Poets the world over have always translated the work of fellow poets, even without knowing a single word of the language they were translating from. This situation, more relevant for poetry than any other genre, is widespread throughout the world.
In an ideal scenario, the translator works with an interlinear translation that combines a literal translation (mot-à-mot) with a series of notes about the form, tone, style, cultural references and so on. Otherwise, one would use a third, known language to translate from. Whatever the case, the source poet and the translator poet do share a language: the language of poetry.

Babel has been promoting this way of translating, less common in Western Europe, with several projects. The most prominent resulted in two mirrored anthologies, one published in Switzerland and the other in Poland, where young Swiss Italian and Polish poets translated each other. The outcome has been brilliant and the books keep circulating widely:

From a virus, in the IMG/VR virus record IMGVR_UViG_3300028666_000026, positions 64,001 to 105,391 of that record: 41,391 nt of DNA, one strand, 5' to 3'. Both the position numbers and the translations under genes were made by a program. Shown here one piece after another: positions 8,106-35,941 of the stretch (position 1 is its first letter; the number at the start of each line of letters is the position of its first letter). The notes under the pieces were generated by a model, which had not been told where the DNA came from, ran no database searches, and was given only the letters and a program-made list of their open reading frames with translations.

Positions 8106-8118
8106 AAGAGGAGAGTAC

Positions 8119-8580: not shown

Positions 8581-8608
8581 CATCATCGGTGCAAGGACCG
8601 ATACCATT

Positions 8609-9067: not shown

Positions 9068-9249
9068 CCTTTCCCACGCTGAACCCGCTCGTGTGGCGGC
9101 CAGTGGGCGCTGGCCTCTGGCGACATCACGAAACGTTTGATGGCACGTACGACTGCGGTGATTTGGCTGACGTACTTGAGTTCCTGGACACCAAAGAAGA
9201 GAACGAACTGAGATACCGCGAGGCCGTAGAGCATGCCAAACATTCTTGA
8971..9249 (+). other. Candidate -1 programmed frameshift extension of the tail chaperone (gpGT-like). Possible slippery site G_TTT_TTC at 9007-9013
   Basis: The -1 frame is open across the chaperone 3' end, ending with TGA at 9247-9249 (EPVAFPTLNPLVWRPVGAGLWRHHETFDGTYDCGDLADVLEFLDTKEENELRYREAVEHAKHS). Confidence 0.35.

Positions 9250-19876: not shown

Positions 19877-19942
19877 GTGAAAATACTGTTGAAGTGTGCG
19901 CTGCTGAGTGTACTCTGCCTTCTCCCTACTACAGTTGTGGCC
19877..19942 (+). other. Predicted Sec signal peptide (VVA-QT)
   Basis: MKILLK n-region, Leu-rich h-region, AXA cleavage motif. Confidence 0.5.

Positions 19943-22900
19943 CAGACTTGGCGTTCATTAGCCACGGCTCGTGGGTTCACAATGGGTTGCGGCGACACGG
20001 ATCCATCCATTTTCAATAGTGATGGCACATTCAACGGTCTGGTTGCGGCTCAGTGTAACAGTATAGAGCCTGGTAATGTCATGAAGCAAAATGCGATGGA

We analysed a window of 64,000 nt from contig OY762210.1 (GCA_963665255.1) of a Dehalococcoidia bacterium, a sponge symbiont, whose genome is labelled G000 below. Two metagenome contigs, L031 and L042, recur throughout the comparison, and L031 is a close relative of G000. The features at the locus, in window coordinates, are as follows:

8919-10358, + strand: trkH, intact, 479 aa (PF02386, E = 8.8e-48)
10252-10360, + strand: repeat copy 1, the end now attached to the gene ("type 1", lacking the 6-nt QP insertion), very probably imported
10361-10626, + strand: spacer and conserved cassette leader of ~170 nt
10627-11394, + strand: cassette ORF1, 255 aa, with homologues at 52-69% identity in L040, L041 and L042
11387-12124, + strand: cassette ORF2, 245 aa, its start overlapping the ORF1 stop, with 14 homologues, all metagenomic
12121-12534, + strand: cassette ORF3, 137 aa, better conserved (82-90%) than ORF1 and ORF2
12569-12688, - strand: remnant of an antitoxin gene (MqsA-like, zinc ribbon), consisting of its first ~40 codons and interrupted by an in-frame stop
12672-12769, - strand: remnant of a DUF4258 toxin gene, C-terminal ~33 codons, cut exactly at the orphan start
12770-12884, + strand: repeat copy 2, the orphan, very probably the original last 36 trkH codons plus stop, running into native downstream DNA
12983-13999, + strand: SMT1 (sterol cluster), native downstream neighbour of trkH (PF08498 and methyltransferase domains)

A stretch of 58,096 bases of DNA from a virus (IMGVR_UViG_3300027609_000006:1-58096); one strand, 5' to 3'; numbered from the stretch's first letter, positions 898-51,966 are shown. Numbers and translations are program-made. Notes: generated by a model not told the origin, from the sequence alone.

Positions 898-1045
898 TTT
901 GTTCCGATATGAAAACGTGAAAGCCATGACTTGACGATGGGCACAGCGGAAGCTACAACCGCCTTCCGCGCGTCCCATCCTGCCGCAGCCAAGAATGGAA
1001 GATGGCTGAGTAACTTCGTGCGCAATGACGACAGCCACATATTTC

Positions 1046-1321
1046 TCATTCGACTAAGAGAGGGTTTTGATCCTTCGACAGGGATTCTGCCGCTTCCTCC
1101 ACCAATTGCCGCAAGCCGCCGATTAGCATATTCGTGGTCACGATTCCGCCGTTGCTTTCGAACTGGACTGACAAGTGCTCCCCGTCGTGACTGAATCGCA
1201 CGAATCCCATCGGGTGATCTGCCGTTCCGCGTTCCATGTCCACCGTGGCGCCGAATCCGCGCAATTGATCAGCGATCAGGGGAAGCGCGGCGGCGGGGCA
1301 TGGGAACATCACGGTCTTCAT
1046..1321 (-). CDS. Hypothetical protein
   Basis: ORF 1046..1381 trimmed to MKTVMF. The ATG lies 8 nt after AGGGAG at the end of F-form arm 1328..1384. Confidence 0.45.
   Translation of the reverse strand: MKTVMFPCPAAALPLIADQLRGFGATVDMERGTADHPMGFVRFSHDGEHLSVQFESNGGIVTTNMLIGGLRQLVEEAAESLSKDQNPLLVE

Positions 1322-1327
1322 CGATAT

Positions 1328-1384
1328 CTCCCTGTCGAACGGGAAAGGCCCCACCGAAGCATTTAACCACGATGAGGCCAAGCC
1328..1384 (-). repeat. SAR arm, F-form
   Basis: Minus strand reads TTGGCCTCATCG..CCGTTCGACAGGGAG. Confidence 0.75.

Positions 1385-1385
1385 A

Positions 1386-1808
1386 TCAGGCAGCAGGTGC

Considering that Swiss poets from the country’s different linguistic regions don’t really know each other’s work, Babel now wants to promote a similar project among them, and in this way spark a dialogue across linguistic borders.

The first Poethreesome is composed by Laura Accerboni, Odile Cornuz and Ulrike Ulrich, who performed their joint work at the Leukerbad Festival, and at Babel on the opening night.

Palazzo Civico, Friday September 16, from 6.30 PM

With the support of PonTi Culturali – Gottardo 2016:
contributo del Cantone Ticino
derivante dall’aiuto federale per
la salvaguardia e promozione
della lingua e cultura italiana.

And with the support of Oertli Foundation.

In collaboration with